Paul Heming: Yeah, no, completely. So, I mean, I get frustrated now when I’m not involved and I’m thinking about this, how frustrating is it for you, honestly? How often do you bite your tongue when guys come to you and say, so this is the situation, I don’t know what this entire agreement clause means, but I’ve signed it and also, I started on site three months ago. There must be so many times when you are biting your tongue when clients come to you and say, this is the situation I’m in.

Lawrence Pearce: Yes. I think I’ll always promote, you know, prevention is better than cure at the end of the day. And I hate having to say to a client, look, not to kind of rub salt into the wounds, but if you’d come to us three months earlier, we could have stopped this. And I think there’s a reluctance within the industry to approach lawyers until it’s too late. It’s basically a dispute comes up and then it’s a, oh, we better go and speak to lawyers rather than actually if we get someone involved early and talk through the process of entering into the contract, we understand the risk we’re opening ourselves up to. If you can manage that contract better or understand these clauses, the chance are reality cash flow wise, you’re more likely to be profitable, there’s less likely to be disputes. Everyone’s a winner.

Paul Heming: So, let’s talk prevention then on this particular topic because prevention number one as I see it is to understand that there’s an entire agreement clause. If there’s an entire agreement clause, try and get your tender. Let’s go back to our example. I did four revisions of my tender, let’s get them all in this document or get the latest one in there. That goes in. Oh, relax, I’m absolutely sorted. Now hang on a minute. No, I’m not, am I? Because as you just said, what will happen is there will likely be a discrepancy clause or an order of precedents clause, and as you said, guess what? My tender will probably be, as a subcontractor, the least important document. So, what do I do now?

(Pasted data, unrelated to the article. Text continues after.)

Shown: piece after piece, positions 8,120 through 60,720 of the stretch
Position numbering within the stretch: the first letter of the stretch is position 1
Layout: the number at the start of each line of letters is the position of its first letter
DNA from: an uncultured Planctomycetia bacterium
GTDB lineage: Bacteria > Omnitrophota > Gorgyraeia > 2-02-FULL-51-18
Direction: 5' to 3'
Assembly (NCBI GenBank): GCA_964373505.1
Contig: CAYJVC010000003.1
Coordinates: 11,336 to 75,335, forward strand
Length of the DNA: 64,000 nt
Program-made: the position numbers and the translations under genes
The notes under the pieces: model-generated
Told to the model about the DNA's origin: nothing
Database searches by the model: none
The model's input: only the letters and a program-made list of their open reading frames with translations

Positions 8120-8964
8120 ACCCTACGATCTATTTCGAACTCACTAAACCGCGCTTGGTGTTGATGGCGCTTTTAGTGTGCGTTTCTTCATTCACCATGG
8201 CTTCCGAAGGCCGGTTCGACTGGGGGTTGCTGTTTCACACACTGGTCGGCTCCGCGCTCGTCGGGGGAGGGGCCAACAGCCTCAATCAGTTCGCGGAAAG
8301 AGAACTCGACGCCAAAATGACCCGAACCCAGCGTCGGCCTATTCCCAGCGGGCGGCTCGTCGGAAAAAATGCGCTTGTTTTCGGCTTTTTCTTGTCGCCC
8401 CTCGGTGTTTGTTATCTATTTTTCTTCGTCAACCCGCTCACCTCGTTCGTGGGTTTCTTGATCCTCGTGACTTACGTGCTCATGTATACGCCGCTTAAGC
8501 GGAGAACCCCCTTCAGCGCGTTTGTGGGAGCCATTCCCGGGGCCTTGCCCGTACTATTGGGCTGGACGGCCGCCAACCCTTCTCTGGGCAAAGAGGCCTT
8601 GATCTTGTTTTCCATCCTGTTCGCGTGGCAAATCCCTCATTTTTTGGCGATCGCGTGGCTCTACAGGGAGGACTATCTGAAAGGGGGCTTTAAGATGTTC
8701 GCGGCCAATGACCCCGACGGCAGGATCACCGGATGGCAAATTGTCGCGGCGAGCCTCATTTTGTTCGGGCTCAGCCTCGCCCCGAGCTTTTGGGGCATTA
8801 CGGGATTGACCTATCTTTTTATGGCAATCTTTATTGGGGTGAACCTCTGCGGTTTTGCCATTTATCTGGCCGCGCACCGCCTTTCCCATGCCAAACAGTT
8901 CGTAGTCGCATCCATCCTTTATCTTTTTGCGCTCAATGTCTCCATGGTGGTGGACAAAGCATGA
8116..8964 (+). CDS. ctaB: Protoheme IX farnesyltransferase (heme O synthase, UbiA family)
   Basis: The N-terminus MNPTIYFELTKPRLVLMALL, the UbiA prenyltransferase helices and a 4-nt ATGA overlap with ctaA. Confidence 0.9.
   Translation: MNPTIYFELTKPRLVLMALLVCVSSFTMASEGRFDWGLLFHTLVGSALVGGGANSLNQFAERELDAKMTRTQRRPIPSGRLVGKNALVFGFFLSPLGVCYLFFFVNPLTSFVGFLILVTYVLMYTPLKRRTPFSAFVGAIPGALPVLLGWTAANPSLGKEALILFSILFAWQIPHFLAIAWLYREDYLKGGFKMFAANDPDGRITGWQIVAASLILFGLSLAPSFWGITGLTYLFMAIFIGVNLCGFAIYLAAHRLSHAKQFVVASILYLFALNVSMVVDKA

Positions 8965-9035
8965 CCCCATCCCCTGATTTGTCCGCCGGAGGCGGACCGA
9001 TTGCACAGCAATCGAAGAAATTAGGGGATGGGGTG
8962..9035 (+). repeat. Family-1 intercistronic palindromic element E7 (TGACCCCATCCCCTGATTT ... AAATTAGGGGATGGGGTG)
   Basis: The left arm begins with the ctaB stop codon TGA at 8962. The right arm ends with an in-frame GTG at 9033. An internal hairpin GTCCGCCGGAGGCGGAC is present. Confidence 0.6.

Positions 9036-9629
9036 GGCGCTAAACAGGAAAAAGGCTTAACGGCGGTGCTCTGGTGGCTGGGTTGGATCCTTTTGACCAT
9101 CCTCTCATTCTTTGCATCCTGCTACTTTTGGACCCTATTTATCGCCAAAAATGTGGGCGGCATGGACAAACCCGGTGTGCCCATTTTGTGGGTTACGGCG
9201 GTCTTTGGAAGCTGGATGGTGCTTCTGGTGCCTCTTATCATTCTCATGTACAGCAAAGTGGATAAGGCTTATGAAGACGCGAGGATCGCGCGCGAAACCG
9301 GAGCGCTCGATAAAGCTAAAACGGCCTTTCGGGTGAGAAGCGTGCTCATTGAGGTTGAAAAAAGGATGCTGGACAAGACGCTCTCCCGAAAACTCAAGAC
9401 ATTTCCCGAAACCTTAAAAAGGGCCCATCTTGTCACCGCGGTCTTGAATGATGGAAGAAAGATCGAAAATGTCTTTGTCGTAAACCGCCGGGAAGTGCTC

Lawrence Pearce: This is a difficult one. 

Paul Heming: Do I just run away and say I don’t want to work with this guy?

Lawrence Pearce: This is a difficult part of the industry because ultimately if you don’t sign up to those terms, someone else will. And there are plenty of subcontractors and contractors who will do the work. So, to a certain extent, you’re held to ransom. Clients will often say, well, I need this job. This is a job we’ve signed up to. And the thing you can only do then is manage risk. Now if you know that their terms are going to override yours, then are you better off not understanding those terms fully and operating them correctly to give yourself the best chance of succeeding damage limitation to a certain extent.